Australia is re-emerging as a key supplier of rare earths, sealing a ten-year supply deal with Japan after a pact between the two governments.
Foreign minister Kevin Rudd announced an agreement with his Japanese counterpart Seiji Maehara in Canberra Tuesday that will reduce Japan’s reliance on Chinese-sourced elements, WSJ.com reported.
Japanese trading house Sojitz Corp said it would pay around $300 million for the rights to 8,500 tonnes of rare earth metals annually from Australian mining firm Lynas for the next ten years, Reuters reported.
The total is equivalent to nearly 30% of annual demand in Japan.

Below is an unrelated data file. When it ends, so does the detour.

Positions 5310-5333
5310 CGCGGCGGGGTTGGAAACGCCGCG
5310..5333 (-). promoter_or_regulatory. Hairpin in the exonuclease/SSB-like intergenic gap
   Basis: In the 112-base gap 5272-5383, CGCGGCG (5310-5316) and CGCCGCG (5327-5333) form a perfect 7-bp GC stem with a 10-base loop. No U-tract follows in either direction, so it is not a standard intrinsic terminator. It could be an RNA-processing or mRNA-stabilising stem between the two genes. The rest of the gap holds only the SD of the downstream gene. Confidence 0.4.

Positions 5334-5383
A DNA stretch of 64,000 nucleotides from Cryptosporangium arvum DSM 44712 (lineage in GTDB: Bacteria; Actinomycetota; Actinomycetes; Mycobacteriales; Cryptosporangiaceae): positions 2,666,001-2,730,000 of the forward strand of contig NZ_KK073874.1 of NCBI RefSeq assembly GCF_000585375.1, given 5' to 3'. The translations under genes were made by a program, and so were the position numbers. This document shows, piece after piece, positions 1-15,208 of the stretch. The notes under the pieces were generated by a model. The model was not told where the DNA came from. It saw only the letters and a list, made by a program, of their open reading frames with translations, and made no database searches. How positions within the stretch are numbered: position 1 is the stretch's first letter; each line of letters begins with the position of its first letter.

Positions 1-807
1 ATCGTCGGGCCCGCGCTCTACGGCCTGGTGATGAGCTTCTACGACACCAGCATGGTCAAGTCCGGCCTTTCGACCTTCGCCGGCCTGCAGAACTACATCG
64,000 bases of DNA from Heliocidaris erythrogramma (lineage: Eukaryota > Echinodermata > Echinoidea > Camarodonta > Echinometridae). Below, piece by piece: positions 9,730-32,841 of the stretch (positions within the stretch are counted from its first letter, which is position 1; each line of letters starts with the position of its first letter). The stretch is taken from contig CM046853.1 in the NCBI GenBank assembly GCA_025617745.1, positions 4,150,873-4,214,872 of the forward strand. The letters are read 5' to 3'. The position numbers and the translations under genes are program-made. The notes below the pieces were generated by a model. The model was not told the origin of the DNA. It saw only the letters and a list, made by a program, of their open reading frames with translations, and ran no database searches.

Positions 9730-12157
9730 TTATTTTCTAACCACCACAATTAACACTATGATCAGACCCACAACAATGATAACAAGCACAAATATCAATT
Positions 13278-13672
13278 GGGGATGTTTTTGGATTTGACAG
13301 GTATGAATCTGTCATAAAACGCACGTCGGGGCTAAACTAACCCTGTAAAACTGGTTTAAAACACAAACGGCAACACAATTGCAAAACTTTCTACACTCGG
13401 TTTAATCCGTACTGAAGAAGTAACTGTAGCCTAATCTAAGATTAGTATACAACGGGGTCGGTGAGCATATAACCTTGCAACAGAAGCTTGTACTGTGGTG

China is the world’s largest supplier of rare earths – elements used in mobile phones and other electronic equipment - but has sparked fears of a supply crisis in recent months after freezing supplies to Japan following a clash over disputed islands in the Sea of Japan.
Rudd took the chance to talk up Australia’s position as a stable supplier of the elements, the Journal said, as he seeks to establish Australia as an alternative source.
Rare element prices soared yesterday after figures revealed China’s exports dropped 77% month-on-month in October after the government cut the quota, Bloomberg reported.
Japan reached a similar supply deal with Vietnam in October, the news site said, as it looks to lessen its reliance on China.
Earlier this month Chen Jian, vice minister at China’s ministry of commerce, said quotas will be cut further in 2011, but promised no significant drops.